Roman mosaics

What's your artifact doing in Boss Kean's ditch?
Witness
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Roman mosaics

Post by Witness »

A cool find:

https://i.imgur.com/91vDzg9.jpg

https://i.imgur.com/vL7Srjt.jpg

Vineyard in Negrar (near Verona). That's all I know.
sparks
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Re: Roman mosaics

Post by sparks »

It's beautiful. Wonder how it got covered up.
Witness
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Re: Roman mosaics

Post by Witness »

sparks wrote: Wed May 27, 2020 12:40 am It's beautiful. Wonder how it got covered up.
And how they found it. But the Web is mute for now.

In the Middle East (and elsewhere) there are tells:
In archaeology, a tell or tel (derived from Arabic: تَل‎, tall, 'mound' or 'small hill'), is an artificial mound formed from the accumulated remains of mudbricks and other refuse of generations of people living on the same site for hundreds or thousands of years. A classic tell looks like a low, truncated cone with sloping sides and can be up to 30 metres high.
https://en.wikipedia.org/wiki/Tell_(archaeology)

https://i.imgur.com/tTlmUaR.jpg
Tel Megiddo (Armageddon)
Witness
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Re: Roman mosaics

Post by Witness »

The press has caught up with the event, but only one new pic:

https://i.imgur.com/x8AdO0O.jpg
Bruce
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Re: Roman mosaics

Post by Bruce »

This just seems unbelievable to me. How can something that intricate and beautiful be so well pressed for over 1000 years under topsoil? Shouldn't it have been reduced to dust by now? Shouldn't it have been punctured by hundreds of tree roots? Dissolved by acid rain? Devoured by microbes? Come on, look at it! Its flawless and still has color. This is hand-made tile floor, not a gold statue.

My BS meter is twitching....
Witness
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Re: Roman mosaics

Post by Witness »

Bruce wrote: Thu May 28, 2020 12:08 am My BS meter is twitching....
:mrgreen:

Take your pick, Bruce: https://www.ecosia.org/images?q=roman+m ... hed+verona (Not all are from Verona, but these finds aren't really rare.)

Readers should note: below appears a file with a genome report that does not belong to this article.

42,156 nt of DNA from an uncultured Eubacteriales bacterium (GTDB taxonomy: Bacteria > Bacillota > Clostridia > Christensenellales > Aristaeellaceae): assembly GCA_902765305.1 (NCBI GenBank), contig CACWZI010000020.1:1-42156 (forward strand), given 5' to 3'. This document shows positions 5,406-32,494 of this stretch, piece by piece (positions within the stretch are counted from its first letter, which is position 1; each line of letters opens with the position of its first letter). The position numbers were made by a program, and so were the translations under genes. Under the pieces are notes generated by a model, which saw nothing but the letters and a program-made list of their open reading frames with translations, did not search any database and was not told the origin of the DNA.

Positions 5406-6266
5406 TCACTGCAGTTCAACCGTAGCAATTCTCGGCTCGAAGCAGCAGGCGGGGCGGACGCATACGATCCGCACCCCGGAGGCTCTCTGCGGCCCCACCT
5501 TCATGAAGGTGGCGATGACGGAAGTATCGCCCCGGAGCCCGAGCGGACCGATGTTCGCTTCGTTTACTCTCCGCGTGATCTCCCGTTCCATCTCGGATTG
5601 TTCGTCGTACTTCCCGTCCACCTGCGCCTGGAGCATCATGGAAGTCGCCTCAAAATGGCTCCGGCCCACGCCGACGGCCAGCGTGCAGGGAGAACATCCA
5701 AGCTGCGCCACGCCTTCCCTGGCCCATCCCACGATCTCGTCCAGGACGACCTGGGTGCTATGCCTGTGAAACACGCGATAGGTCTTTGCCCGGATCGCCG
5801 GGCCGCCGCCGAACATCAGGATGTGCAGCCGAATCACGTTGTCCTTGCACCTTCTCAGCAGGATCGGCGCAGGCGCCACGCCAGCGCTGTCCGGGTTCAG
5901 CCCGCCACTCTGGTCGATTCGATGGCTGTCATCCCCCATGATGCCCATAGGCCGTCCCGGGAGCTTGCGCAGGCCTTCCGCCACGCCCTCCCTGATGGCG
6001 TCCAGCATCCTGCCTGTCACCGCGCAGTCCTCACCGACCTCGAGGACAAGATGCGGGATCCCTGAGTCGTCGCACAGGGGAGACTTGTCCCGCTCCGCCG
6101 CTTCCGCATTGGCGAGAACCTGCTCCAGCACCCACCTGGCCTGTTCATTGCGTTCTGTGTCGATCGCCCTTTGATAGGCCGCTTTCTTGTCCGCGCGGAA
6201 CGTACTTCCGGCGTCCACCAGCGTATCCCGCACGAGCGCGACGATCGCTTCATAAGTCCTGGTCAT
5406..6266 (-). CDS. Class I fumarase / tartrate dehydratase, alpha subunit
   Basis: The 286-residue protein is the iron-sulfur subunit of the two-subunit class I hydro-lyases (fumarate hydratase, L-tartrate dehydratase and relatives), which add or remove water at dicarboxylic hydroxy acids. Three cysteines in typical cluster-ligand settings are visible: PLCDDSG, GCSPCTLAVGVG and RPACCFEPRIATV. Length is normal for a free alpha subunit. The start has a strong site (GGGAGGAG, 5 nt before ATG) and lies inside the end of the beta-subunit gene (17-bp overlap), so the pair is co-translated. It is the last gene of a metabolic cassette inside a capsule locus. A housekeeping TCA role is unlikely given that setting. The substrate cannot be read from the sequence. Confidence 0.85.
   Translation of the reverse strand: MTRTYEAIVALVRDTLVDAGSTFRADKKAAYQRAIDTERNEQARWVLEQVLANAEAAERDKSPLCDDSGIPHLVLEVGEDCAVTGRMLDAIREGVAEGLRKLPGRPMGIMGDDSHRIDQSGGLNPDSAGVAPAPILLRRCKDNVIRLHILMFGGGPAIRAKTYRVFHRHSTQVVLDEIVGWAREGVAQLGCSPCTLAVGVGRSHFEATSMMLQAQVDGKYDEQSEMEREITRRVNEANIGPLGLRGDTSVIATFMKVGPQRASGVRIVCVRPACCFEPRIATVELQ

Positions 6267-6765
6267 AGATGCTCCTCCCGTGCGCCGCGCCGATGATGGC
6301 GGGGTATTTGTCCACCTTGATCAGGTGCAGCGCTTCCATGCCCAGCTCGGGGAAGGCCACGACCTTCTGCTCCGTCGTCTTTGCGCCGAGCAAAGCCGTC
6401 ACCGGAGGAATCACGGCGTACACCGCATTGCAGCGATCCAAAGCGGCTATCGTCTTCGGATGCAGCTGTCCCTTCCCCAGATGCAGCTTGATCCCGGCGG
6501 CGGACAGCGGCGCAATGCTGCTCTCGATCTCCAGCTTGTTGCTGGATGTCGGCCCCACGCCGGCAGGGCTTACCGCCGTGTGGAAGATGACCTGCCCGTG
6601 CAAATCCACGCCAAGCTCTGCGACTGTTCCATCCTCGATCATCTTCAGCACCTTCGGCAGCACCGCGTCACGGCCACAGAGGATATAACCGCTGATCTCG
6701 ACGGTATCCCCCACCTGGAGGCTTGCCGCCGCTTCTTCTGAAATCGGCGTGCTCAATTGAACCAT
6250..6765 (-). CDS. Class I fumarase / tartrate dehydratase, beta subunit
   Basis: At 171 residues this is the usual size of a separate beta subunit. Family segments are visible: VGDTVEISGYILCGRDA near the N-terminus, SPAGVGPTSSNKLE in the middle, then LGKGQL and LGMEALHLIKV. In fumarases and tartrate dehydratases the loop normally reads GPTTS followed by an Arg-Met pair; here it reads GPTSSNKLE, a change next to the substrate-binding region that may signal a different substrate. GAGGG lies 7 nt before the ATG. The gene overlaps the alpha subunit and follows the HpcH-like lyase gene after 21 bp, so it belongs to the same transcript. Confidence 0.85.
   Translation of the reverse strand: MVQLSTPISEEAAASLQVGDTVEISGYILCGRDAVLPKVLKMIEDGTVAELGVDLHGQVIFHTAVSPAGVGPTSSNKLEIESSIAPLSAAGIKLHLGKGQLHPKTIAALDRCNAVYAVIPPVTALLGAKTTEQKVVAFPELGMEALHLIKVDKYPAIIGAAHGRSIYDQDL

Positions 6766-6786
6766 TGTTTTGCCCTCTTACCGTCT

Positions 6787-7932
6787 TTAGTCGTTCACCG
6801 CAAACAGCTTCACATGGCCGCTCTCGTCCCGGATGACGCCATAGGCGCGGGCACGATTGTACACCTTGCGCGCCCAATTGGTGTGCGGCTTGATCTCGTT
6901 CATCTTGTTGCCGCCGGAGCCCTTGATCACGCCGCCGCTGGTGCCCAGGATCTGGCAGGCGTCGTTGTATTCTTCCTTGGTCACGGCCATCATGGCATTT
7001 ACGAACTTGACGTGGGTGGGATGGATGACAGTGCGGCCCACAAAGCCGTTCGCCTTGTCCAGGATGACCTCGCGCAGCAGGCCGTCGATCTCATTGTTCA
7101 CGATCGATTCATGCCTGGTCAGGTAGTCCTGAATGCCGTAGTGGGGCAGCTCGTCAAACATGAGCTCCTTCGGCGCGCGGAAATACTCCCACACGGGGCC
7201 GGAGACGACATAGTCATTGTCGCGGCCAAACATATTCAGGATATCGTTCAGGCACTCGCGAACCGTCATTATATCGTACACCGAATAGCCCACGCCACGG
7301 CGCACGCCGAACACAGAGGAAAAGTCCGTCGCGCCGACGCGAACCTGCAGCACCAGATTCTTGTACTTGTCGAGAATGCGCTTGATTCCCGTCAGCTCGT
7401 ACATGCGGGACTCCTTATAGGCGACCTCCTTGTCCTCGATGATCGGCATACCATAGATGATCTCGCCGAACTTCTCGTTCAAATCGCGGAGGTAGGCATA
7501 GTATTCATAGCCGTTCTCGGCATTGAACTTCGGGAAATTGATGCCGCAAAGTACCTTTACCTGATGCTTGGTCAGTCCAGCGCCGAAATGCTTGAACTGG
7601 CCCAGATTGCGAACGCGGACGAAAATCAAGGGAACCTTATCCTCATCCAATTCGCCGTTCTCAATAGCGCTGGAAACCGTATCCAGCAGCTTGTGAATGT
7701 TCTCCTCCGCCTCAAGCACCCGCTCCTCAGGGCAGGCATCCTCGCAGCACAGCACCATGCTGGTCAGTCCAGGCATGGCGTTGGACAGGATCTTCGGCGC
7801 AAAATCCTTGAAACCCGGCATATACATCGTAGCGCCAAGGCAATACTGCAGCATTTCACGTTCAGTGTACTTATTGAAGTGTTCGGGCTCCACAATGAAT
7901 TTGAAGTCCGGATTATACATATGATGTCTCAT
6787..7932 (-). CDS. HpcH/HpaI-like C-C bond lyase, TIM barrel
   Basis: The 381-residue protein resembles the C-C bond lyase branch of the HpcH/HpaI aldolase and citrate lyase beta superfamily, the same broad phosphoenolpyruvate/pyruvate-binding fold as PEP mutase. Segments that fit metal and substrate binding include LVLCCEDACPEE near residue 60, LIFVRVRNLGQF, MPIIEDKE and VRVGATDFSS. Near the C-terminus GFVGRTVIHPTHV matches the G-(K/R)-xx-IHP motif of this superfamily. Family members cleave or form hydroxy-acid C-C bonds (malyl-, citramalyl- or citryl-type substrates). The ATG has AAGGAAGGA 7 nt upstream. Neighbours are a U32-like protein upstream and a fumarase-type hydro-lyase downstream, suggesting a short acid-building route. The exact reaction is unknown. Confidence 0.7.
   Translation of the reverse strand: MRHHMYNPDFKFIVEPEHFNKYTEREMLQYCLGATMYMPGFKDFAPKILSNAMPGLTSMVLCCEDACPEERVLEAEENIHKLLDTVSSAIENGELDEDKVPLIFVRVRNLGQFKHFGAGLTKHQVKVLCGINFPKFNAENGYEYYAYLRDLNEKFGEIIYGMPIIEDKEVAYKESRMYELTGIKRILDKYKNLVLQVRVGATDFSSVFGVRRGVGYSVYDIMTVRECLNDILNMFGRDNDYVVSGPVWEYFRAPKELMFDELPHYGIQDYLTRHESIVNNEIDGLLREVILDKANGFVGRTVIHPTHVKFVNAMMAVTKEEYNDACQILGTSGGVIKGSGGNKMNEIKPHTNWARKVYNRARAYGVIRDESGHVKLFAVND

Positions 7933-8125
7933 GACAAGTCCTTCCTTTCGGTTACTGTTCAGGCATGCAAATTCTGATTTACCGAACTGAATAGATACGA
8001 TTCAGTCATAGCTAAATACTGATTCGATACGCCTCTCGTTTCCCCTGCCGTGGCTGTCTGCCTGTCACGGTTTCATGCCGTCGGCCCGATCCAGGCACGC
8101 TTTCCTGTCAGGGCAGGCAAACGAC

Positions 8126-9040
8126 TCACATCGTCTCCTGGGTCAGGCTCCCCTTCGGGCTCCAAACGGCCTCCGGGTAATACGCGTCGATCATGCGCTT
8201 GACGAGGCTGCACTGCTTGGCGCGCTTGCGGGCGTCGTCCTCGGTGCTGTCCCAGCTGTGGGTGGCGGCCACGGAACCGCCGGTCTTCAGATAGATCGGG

Witness
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Re: Roman mosaics

Post by Witness »

Here's a nice one:

https://i.imgur.com/BeictwH.jpg

Mosaic floor with the head of Medusa, 115 – 150 AD, Rome (now in the Getty Museum).
Witness
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Re: Roman mosaics

Post by Witness »

https://i.imgur.com/hcIener.jpg
Baiae (Italian: Baia; Neapolitan: Baia) was an ancient Roman town situated on the northwest shore of the Gulf of Naples and now in the comune of Bacoli. It was a fashionable resort for centuries in antiquity, particularly towards the end of the Roman Republic, when it was reckoned as superior to Capri, Pompeii, and Herculaneum by the super-rich, who built luxurious villas here from 100 BC to AD 500. It was notorious for its hedonistic offerings and the attendant rumours of corruption and scandal.

The lower part of the town later became submerged in the sea due to local volcanic, bradyseismic activity which raised or lowered the land, and recent underwater archaeology has revealed many of the fine buildings now protected in the submerged archaeological park.
https://en.wikipedia.org/wiki/Baiae
Fid
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Re: Roman mosaics

Post by Fid »

Witness wrote: Sat May 30, 2020 3:10 am Here's a nice one:

https://i.imgur.com/BeictwH.jpg

Mosaic floor with the head of Medusa, 115 – 150 AD, Rome (now in the Getty Museum).